This example makes use of the existing platform #define directives with the #if compiler directive:

Use the DEVELOPMENT_BUILD #define to identify whether your script is running in a player that was built with the Development Build option.

You can compile selectively for particular Unity versions and/or scripting backends, and even supply your own custom #define directives when testing in the Editor. Open the Other Settings panel, part of the Player settings, and navigate to Scripting Define Symbols.

See Platform Dependent Compilation for more information on Unity’s preprocessor directives.

Make use of ScriptableObjects

A ScriptableObject is a data container that saves large amounts of data, seperate from class instances. ScriptableObjects avoid copying values, which can reduce your project’s memory usage. Check out the full e-book  for some examples of how to use ScriptableObjects. Otherwise, peruse the ScriptableObject documentation for further details on using ScriptableObjects in your application.

Looking for even more? Watch Better data with ScriptablesObjects in Unity for a quick introduction, and see how they can help with Scene management in Achieve better Scene workflow with ScriptableObjects.

Optimization tip

We recommend binary serialization formats such as MessagePack or Protocol Buffers for saved data, rather than text-based ones, such as JSON or XML. In project reviews, these binary serialization formats reduce the memory and performance issues associated with the latter.

Use your preferred IDE

Unity offers support for the following integrated development environments (IDEs):

  • Visual Studio: Default IDE on Windows and macOS
  • Visual Studio Code: Windows, macOS, Linux
  • JetBrains Rider: Windows, macOS, Linux

IDE integrations for all three of these environments appear as packages in the Package Manager.

IDE integrations as packages

When you install Unity on Windows and macOS, Visual Studio is installed by default. If you want to use another IDE, simply browse for the editor in Unity > Preferences > External Tools > External Script Editor.

Rider is built on top of ReSharper and includes most of its features. It supports C# debugging on the .NET 4.6 scripting runtime in Unity (C# 8.0). For more information, see JetBrains’ documentation on Rider for Unity.

VS Code is a free, streamlined code editor with support for debugging, task running, and version control. Note that Unity requires Mono (macOS and Linux), Visual Studio Code C#, and Visual Studio Code Debugger for Unity (not officially supported) when using VS Code.

Each IDE has its own merits. See Integrated development environment (IDE) support for more information on choosing the right IDE for your needs.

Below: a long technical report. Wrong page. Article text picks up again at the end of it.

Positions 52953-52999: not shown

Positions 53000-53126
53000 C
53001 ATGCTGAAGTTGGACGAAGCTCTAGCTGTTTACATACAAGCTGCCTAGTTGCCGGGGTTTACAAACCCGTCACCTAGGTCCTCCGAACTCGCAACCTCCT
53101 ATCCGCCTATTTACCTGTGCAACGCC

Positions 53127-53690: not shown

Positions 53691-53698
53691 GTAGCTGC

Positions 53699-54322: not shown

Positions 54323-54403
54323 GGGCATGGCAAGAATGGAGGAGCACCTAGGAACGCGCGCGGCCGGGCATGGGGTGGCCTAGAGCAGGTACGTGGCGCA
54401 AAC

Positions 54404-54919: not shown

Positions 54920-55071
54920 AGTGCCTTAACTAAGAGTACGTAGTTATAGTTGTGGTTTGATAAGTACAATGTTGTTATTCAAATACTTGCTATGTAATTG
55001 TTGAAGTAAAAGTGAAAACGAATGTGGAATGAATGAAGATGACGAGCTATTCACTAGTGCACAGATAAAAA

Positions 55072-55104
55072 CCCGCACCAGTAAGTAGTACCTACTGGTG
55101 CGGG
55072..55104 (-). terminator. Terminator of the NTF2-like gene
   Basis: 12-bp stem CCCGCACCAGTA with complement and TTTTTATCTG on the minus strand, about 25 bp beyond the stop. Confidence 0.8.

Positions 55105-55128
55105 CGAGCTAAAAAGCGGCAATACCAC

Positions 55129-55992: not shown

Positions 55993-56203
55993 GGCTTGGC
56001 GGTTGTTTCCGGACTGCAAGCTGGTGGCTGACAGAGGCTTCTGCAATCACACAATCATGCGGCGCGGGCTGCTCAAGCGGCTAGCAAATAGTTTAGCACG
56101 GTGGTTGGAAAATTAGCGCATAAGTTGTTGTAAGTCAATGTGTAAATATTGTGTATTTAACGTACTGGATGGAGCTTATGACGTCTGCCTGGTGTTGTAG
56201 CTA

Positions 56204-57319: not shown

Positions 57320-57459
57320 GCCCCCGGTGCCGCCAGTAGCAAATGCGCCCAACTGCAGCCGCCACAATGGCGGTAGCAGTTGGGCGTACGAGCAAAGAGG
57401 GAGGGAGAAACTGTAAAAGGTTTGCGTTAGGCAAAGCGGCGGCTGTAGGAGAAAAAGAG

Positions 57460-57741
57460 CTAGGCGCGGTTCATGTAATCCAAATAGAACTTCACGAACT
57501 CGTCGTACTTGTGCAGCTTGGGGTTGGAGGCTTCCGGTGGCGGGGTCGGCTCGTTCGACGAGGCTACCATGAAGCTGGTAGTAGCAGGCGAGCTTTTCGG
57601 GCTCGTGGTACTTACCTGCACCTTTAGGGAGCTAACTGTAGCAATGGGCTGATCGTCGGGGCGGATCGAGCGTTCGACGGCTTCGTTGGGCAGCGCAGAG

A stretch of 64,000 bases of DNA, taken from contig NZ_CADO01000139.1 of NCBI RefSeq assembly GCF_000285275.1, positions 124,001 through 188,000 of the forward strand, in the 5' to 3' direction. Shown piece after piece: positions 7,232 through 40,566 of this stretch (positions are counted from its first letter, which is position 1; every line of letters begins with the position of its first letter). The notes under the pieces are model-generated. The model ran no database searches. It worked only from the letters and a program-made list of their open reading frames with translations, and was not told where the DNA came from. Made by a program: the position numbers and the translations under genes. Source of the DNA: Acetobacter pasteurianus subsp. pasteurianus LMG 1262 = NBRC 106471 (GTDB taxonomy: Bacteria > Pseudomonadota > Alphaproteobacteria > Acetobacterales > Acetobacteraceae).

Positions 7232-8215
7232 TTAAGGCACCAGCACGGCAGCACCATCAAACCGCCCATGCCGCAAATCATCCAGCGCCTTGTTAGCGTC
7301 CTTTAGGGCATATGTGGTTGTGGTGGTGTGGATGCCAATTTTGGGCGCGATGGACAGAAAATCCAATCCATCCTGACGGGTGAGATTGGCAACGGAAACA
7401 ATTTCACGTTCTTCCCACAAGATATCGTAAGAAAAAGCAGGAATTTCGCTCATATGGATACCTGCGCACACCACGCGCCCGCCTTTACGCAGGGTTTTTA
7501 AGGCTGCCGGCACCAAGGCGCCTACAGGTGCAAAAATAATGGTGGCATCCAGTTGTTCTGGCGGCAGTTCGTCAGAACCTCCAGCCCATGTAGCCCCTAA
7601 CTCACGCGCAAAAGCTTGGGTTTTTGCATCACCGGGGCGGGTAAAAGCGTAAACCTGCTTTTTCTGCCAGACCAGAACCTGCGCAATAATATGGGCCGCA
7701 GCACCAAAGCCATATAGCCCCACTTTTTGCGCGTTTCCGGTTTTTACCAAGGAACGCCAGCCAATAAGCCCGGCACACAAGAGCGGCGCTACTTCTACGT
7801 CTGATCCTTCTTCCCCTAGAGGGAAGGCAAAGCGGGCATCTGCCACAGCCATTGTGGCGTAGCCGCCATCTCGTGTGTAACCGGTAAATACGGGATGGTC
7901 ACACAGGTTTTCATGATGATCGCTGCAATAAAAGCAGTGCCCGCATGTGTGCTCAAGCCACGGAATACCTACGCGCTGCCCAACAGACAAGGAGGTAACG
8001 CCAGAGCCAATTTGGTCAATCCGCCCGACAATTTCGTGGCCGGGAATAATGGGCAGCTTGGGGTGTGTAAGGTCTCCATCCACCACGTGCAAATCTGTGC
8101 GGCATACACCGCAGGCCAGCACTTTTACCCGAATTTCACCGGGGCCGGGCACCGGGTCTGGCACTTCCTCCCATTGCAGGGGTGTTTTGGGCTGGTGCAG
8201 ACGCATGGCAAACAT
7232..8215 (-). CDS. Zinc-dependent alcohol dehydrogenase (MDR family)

Take a look at the e-book for a list of shortcuts that can benefit your project, and watch Visual Studio tips and tricks to boost your productivity for more workflow improvements with Visual Studio.

Interested in exploring JetBrains Rider? Check out Fast C# scripting in Unity with JetBrains Rider, or these tips on using JetBrains Rider as your code editor.

Debugging in Play mode

The Unity Debugger allows you to debug your C# code while the Unity Entity is in Play mode. You can attach breakpoints within the code editor to inspect the state of your script code and its current variables at runtime.

Go to the bottom right of the Unity Editor Status Bar to set the Code Optimization mode to Debug. You can also change this mode on startup at Edit > Preferences > General > Code Optimization On Startup.

Debug mode

In the code editor, set a breakpoint where you want the Debugger to pause execution. Simply click over the left margin/gutter area where you want to toggle a breakpoint (or right-click there, to see the context menu for other options). A red circle will appear next to the line number of the highlighted line (see image below).

Toggling a breakpoint

Select Attach to Unity in your code editor, then run the project in the Unity Editor.

Attaching the Debugger to Unity

In Play mode, the application will pause at the breakpoint, giving you time to inspect variables and investigate any unintended behavior.

Debugging variables

As shown above, you can inspect the variables when debugging by watching the list build up, one step at a time, during execution.

Debug controls: Continue Execution, Step Over, Step Into, and Step Out

Use the Continue Execution, Step Over, Step Into, and Step Out controls to navigate the control flow.

Debug control: Stop

Press Stop to cease debugging and resume execution in the Editor. 

You can debug script code in a Unity Player as well. Just make sure that Development Build and Script Debugging are both enabled in the File > Build Settings before you build the Player. Check Wait for Managed Debugger to wait for the Debugger before the Player executes any script code. To attach the code editor to the Unity Player, select the IP address (or machine name) and port of your Player. Then proceed normally in Visual Studio with the Attach To Unity option.